The sources are this (Defense.gov News Article: Report to Congress Outlines Iranian Threats) and this (PressTV - 'Iran pursues deterrent defense strategy')

    The above excerpts were from this article.

    In addition to that, it has been stated that some people are quite skeptical of the IAEA's report as

    some, like former CIA officer Philip Giraldi, have grave doubts about the value of the IAEA report.

    I would be very skeptical about this report that is coming out from the International Atomic Energy Agency, because the IAEA doesn’t really have any intelligence capabilities of its own. It is relying on reports that are coming from other people. I would rather suspect these reports are coming from the US and Israel,” says Giraldi.


    The source is this (IAEA study as pretext for war on Iran — RT).

    Thus, the objectivity of the IAEA is in question due to the current director's potential bias.
    In a lot of ways it's like Groundhog Day. Inspectors and folks in the US and Israel were going nuts because Iraq was dragging its feet on inspections, of course assuming that Saddam was hiding something. When, as it turns out, what he was really hiding was the fact that he didn't have jack ****. He didn't want the Iranians to know how weak he was. I'm quite sure that a lot of Iran's actions are animated by a similar motive. If they can build a bomb or two, or at least create the impression that the MIGHT have a bomb or two, it would significantly enhance their national security.
    "The necessaries of life occasion the great expense of the poor. They find it difficult to get food, and the greater part of their little revenue is spent in getting it. The luxuries and vanities of life occasion the principal expense of the rich, and a magnificent house embellishes and sets off to the best advantage all the other luxuries and vanities which they possess. ... It is not very unreasonable that the rich should contribute to the public expense, not only in proportion to their revenue, but something more than in that proportion."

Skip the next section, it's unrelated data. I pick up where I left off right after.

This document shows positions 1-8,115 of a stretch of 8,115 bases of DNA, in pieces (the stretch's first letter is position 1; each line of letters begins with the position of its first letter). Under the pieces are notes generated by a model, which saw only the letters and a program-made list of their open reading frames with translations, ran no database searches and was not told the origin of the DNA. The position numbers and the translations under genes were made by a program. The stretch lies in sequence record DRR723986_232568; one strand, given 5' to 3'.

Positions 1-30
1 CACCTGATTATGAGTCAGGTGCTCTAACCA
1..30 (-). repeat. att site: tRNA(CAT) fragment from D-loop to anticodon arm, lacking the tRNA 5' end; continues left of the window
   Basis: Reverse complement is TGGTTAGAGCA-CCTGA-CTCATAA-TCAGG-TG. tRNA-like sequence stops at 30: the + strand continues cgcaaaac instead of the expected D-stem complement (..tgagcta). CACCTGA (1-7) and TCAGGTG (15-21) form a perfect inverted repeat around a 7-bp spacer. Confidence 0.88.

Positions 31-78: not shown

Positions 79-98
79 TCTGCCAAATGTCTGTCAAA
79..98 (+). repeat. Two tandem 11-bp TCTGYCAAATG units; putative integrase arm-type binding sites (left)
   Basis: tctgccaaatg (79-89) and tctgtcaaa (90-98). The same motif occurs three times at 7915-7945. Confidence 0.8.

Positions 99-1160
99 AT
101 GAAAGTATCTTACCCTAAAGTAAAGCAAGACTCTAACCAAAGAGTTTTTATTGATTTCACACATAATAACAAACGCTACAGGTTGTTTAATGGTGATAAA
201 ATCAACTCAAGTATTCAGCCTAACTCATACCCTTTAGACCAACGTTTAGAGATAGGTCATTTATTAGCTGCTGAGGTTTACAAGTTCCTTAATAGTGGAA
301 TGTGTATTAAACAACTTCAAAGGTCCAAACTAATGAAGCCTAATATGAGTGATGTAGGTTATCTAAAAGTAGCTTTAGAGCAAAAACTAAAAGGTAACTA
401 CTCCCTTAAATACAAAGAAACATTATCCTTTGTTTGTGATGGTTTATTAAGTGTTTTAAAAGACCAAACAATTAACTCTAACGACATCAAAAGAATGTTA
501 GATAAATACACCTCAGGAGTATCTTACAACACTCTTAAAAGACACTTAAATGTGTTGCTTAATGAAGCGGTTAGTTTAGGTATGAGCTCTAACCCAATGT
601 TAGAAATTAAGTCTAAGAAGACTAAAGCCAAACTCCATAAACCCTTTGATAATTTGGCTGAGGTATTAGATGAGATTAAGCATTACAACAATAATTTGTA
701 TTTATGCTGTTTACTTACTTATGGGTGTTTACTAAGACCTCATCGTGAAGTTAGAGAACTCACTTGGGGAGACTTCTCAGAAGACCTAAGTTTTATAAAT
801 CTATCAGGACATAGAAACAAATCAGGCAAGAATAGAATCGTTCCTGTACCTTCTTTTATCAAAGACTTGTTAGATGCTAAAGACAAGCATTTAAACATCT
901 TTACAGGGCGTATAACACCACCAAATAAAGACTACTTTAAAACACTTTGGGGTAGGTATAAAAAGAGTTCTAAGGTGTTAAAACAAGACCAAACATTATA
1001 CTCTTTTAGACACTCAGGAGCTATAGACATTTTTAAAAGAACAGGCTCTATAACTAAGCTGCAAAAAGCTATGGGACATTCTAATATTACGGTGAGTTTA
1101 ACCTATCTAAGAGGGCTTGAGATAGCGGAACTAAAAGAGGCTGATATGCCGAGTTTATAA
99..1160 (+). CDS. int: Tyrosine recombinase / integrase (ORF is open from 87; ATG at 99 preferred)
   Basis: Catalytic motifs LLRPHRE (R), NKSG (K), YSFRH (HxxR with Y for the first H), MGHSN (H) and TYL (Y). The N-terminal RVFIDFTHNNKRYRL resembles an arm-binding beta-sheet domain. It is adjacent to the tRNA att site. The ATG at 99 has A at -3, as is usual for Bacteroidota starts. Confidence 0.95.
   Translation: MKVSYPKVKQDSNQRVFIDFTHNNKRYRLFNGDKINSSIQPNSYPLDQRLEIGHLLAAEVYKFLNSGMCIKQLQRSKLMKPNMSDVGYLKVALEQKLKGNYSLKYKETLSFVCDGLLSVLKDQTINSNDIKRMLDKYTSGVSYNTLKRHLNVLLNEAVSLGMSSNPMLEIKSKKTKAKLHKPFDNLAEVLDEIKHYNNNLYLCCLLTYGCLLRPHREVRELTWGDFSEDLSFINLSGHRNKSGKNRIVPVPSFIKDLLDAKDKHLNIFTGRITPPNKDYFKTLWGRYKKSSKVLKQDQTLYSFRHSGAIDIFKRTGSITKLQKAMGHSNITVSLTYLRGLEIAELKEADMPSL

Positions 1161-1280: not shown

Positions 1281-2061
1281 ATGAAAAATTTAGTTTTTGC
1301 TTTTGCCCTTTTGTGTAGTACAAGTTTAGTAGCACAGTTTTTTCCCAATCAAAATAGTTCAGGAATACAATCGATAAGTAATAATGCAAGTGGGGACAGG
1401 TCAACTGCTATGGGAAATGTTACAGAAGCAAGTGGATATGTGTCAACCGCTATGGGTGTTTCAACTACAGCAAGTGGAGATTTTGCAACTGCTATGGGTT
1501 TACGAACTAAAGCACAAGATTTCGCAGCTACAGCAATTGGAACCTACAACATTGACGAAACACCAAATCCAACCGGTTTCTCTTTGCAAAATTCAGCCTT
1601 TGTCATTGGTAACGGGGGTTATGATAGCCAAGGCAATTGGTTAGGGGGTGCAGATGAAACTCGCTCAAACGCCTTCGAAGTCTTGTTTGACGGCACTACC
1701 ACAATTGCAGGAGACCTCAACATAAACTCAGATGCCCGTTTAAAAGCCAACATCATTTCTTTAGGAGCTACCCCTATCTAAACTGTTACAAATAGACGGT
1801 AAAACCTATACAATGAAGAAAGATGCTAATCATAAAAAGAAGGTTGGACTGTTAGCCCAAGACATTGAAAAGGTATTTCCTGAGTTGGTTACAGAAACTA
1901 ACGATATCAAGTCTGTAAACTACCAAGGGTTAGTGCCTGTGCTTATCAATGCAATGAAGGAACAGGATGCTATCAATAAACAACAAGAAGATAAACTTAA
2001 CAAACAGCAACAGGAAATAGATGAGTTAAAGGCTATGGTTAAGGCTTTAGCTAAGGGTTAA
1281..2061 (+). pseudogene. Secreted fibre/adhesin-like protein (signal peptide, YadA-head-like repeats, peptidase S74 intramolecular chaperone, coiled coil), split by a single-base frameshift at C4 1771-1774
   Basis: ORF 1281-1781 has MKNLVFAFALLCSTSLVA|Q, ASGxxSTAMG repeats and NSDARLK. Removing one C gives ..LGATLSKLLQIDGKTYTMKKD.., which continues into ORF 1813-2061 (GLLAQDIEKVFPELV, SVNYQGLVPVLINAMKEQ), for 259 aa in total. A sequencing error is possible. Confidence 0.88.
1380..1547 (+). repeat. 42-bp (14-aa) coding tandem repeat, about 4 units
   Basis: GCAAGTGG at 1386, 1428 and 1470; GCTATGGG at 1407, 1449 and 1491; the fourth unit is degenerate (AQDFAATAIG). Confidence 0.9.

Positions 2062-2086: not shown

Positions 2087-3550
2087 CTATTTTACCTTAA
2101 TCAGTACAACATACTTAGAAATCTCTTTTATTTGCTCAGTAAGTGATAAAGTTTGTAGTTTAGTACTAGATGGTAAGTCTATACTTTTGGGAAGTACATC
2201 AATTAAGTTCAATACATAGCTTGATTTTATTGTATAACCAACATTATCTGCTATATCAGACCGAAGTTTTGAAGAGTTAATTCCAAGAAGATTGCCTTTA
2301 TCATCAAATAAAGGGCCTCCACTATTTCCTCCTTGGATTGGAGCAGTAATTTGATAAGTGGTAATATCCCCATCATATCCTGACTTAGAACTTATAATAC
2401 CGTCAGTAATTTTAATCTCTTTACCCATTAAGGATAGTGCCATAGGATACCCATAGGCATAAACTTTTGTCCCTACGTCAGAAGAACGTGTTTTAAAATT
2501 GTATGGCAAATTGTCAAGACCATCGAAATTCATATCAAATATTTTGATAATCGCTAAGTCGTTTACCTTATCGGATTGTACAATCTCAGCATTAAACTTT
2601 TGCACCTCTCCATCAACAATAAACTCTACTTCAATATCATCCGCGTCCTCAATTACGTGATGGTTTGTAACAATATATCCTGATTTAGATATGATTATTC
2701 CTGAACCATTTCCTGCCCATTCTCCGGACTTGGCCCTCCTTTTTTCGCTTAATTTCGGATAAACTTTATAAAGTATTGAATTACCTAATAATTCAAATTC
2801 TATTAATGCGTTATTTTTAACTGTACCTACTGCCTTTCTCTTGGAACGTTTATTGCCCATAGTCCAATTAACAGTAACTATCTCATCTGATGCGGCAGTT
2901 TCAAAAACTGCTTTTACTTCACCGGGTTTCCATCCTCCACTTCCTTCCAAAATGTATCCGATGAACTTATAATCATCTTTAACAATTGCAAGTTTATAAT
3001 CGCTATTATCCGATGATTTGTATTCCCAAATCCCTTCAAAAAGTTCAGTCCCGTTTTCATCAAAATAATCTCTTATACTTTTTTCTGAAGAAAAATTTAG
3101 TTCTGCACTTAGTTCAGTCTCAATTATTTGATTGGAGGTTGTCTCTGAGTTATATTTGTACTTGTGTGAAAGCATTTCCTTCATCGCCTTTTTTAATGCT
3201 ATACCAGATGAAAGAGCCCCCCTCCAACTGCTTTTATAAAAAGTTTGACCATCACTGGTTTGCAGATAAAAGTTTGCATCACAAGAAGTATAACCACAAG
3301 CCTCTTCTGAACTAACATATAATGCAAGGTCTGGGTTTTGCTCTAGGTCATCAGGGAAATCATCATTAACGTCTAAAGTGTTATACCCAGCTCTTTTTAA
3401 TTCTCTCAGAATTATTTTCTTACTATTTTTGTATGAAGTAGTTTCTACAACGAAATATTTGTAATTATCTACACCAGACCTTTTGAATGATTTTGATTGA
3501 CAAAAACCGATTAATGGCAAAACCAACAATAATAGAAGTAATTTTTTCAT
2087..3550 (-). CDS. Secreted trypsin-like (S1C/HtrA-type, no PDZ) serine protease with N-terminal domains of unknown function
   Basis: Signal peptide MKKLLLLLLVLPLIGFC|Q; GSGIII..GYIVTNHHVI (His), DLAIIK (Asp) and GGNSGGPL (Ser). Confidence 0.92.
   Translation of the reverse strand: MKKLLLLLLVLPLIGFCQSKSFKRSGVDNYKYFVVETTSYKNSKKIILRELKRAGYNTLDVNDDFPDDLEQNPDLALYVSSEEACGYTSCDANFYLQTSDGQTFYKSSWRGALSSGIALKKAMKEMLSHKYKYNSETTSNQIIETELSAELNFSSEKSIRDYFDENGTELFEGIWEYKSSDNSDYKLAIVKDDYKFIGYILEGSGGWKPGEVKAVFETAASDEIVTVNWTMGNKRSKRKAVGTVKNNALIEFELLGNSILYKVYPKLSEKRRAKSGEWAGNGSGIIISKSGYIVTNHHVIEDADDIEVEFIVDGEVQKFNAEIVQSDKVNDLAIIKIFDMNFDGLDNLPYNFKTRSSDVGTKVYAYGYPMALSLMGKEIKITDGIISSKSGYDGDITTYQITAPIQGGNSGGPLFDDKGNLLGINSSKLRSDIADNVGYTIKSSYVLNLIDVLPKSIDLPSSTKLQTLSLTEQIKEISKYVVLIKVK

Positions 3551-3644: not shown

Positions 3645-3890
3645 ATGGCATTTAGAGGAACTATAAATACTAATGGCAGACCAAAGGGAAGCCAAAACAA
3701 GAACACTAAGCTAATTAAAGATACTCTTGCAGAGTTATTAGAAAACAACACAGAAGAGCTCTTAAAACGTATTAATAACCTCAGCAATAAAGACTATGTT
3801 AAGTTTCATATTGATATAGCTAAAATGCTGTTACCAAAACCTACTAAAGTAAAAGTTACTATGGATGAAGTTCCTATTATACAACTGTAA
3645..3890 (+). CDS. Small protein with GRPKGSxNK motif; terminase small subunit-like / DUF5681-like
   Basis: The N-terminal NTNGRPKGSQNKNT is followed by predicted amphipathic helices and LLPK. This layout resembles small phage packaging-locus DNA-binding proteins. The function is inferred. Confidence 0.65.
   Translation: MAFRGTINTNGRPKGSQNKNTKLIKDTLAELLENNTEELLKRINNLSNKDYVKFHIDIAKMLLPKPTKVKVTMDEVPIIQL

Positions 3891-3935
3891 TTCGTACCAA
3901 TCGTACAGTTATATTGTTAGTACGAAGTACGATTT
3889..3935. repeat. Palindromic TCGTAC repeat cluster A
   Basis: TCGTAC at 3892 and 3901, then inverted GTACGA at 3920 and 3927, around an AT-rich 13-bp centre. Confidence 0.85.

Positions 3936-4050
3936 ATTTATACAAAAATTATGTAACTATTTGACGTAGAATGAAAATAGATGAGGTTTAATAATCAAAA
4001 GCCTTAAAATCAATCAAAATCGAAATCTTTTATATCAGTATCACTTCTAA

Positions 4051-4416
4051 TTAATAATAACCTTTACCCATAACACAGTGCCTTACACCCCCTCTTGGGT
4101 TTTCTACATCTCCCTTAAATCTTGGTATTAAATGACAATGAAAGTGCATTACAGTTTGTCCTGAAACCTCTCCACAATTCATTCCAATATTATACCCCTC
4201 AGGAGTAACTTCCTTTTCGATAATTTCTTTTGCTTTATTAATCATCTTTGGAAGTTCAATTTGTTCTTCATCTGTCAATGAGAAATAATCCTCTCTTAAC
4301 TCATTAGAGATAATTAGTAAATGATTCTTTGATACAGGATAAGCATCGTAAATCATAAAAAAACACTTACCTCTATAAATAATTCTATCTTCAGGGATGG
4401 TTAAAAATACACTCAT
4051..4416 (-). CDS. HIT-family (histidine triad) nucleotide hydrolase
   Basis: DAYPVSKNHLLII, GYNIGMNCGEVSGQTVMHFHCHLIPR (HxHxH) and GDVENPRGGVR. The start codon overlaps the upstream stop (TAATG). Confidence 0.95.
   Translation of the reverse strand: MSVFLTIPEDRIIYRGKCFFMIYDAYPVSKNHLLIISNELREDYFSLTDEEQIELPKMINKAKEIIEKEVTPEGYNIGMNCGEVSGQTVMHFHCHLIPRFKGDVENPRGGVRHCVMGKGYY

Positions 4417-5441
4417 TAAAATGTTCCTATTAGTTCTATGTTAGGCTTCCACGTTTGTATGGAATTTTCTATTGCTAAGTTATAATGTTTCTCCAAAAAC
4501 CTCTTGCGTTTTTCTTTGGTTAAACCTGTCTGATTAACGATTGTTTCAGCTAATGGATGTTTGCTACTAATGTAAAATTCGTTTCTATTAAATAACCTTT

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    Re: World Powers Agree to Resume Nuclear Talks With Iran

    Quote Originally Posted by Mr. Invisible View Post
    Actually, the IAEA is potentially biased as

    On March 5, 2012, the IAEA chief, Yukiya Amano, said he had “serious concerns” over Iran’s nuclear program and its ambitions.[14] It’s interesting to note, however, that in a ‘Confidential’ diplomatic cable from the U.S. State Department in 2009, American diplomats discussed Amano’s appointment to head the IAEA, and stated that he “displayed remarkable congruence of views with us on conducting the Agency’s missions,” and speaking to an American Ambassador, Amano “thanked the U.S. for having supported his candidacy and took pains to emphasize his support for U.S. strategic objectives for the Agency.” Though, Amano informed the Ambassador, “that he would need to make concessions to the G-77, which correctly required him to be fair-minded and independent, but that he was solidly in the U.S. court on every key strategic decision, from high-level personnel appointments to the handling of Iran’s alleged nuclear weapons program.”[15]
    From this, we can see that Amano intends "to make concessions to the G-77, which correctly required him to be fair-minded and independent". So although he is firmly on the side of the US in desiring to be sure Iran does not get nuclear weapons, he also intends to be fair in his assessment of Iran. This tells us we're getting his most accurate report.